Rebooting the internet: IFLA engages at UNESCO conference exploring platform regulation
01 March 2023
At a major global conference exploring how to update regulation of internet platforms as part of wider efforts to rebuild trust in the internet, Dilara Begum, on behalf of IFLA, highlighted the value of upholding freedom of expression and access to information, and the practical contribution libraries can make to this goal.
In the context of wider discussions about how to ensure that the internet works in a way that supports development, the question of how major platforms are regulated is central.
Such platforms have played a key role in shaping the web we know today, providing options to share ideas and content more rapidly than ever before.
However, this has also brought difficulties, with these same platforms cited as responsible – at least in part – for many problems, from the rapid spread of misinformation and polarisation, to the facilitation of hate speech and crime.
These questions are complicated, not only given the need to safeguard fundamental freedoms, but also because differences in approaches between countries also risk leading to the ‘fragmentation’ of the internet.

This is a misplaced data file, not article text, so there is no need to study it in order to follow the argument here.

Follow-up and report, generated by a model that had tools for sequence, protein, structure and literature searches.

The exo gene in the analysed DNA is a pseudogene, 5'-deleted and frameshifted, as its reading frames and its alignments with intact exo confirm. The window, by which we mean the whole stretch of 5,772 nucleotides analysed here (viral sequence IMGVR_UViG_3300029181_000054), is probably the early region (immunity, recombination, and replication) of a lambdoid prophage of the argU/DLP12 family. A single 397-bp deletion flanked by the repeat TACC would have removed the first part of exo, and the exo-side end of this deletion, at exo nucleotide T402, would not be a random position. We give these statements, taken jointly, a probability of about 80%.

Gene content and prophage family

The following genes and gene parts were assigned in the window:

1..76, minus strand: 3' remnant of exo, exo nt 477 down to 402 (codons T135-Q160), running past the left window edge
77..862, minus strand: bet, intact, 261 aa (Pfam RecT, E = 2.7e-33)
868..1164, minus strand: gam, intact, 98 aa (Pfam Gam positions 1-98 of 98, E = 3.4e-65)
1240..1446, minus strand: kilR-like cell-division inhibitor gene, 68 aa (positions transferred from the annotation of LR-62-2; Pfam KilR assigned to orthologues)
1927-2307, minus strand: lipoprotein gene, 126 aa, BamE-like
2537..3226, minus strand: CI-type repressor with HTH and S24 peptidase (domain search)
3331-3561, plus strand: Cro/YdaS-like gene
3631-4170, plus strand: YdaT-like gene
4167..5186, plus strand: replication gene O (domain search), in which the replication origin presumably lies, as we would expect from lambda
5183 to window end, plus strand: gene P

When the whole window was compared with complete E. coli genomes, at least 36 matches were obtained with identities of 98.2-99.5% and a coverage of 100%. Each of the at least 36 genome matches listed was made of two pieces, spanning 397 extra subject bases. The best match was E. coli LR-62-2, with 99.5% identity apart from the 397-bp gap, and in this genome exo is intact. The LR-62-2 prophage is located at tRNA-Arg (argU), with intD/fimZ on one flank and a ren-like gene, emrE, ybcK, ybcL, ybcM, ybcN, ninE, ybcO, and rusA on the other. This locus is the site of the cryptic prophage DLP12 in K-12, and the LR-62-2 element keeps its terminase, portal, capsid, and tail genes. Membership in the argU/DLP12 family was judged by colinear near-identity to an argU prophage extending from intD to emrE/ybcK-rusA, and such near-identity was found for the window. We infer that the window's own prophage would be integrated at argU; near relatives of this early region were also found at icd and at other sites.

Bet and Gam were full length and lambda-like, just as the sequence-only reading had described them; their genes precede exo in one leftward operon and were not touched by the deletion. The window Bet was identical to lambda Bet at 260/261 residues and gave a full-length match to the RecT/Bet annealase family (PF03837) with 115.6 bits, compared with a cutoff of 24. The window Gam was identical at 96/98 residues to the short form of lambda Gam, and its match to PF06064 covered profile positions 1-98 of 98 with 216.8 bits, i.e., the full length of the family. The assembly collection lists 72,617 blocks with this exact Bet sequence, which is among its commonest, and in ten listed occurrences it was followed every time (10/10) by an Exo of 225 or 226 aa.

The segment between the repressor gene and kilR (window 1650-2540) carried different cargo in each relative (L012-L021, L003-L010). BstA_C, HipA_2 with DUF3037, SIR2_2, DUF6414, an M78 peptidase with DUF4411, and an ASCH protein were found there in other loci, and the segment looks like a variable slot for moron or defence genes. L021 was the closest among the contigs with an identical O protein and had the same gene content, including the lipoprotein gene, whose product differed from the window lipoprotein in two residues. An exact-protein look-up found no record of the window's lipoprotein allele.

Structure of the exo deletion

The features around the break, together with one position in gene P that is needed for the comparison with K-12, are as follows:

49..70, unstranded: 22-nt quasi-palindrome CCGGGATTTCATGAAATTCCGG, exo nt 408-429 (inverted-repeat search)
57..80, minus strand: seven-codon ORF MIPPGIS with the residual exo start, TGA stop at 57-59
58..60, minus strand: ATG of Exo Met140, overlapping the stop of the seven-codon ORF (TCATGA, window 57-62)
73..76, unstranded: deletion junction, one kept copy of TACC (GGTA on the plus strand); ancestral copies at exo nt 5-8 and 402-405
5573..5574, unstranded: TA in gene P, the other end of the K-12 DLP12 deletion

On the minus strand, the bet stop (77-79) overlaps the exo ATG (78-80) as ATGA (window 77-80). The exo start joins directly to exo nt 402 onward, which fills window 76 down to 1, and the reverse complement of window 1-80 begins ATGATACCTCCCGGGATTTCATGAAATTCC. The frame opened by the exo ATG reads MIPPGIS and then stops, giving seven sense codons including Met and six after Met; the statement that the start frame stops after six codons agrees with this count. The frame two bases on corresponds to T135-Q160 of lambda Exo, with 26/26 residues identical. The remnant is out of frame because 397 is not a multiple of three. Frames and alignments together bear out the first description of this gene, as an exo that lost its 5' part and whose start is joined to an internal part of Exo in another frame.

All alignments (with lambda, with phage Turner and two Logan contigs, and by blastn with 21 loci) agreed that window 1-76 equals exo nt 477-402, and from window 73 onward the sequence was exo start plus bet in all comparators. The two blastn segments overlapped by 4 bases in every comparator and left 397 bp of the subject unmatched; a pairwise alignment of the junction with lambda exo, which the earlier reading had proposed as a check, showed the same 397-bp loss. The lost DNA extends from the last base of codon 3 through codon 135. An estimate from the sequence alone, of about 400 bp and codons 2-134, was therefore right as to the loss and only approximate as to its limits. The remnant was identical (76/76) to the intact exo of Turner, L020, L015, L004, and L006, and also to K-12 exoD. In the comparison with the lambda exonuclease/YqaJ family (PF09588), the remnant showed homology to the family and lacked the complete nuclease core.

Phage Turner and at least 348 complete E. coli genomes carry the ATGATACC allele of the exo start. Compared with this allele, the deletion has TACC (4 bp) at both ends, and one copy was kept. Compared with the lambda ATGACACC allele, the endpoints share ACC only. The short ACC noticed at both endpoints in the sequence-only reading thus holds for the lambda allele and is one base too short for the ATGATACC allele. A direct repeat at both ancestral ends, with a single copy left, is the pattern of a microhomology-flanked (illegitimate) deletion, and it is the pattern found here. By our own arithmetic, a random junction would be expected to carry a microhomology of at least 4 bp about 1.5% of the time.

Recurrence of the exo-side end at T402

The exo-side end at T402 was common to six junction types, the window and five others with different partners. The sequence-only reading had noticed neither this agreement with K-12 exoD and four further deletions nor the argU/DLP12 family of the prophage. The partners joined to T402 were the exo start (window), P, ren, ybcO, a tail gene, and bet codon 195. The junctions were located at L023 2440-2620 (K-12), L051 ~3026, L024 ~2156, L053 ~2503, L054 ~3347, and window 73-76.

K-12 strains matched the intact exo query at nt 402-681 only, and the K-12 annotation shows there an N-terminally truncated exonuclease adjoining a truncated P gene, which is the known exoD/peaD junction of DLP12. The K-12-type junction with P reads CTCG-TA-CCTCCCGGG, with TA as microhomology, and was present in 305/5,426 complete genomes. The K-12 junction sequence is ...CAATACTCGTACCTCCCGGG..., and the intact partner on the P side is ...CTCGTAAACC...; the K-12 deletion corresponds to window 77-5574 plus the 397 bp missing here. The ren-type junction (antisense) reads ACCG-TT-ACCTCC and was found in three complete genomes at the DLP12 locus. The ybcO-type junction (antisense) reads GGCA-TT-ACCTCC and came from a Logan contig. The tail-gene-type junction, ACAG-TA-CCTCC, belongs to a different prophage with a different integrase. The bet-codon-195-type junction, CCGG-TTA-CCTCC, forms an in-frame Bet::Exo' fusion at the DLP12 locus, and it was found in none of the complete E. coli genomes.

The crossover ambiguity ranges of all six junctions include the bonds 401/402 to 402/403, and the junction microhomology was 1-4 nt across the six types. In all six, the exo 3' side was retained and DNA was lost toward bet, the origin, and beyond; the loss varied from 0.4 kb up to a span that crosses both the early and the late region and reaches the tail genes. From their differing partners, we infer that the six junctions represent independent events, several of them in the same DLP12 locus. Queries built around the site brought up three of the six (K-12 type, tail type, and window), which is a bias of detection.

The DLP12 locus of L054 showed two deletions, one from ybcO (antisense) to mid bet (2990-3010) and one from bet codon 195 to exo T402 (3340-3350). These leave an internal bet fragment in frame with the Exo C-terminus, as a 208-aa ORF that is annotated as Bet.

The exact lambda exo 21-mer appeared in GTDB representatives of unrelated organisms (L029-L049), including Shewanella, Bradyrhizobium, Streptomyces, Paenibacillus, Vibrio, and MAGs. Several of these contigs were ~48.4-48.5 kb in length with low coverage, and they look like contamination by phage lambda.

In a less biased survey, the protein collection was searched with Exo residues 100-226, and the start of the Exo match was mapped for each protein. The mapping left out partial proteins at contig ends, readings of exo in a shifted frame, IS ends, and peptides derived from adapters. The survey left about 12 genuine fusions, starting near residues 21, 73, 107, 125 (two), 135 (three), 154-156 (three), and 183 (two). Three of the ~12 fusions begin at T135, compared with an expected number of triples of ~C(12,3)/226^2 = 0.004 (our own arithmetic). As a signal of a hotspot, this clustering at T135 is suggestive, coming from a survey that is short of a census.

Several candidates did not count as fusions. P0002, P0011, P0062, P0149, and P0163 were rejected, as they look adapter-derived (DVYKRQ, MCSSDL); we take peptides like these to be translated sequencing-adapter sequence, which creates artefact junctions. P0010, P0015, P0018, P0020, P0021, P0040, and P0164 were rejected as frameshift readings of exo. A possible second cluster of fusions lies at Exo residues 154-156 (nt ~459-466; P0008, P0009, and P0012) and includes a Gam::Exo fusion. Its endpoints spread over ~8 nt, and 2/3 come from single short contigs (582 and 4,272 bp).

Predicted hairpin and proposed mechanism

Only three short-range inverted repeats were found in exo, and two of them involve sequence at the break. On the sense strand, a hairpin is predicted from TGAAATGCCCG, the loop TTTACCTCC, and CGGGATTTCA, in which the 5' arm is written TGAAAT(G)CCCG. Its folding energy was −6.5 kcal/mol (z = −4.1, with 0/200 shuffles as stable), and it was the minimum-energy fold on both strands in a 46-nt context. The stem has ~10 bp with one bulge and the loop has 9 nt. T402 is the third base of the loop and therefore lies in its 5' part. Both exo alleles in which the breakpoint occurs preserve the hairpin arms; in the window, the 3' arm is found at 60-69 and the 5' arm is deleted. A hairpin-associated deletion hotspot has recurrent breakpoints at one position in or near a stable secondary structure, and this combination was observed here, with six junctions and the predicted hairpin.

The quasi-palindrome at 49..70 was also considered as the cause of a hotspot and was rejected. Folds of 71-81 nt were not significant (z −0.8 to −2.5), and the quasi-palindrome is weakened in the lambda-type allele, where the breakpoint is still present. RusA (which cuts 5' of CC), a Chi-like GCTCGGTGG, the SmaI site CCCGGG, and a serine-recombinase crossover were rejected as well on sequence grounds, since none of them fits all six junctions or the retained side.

UNESCO is looking to address this challenge by preparing guidelines for platform regulation, setting out principles for how platforms themselves should act (in line with human rights), and how governments should act towards them.
A draft of the guidelines was at the heart of a major international conference on Internet for Trust, held at UNESCO on 22-23 February in Paris.
Representatives of the United Nations, national governments, business, the media and civil society met to share perspectives, including powerful inputs from Nobel Peace Prize Winner Maria Ressa, and Brazilian president Lula da Silva. President da Silva in particular highlighted the importance of a right to reliable information.
IFLA Professional Council member Dilara Begum of East-West University, Bangladesh, spoke on a panel focused on the importance of media and information literacy, highlighting the practical contribution that libraries can make.
Drawing on her own experience, she stressed the wider contribution that libraries’ expertise and values can bring to wider discussions about how platforms should operate. This should not be underestimated – libraries for a long time fulfilled many of the roles of today’s platforms, and have developed deep understanding of how to do so.
Building on the insights shared at the Conference, UNESCO is welcoming further comments on its draft Guidelines. IFLA is consulting on these amongst our members, and looks forward to sharing them next week, ahead of the deadline.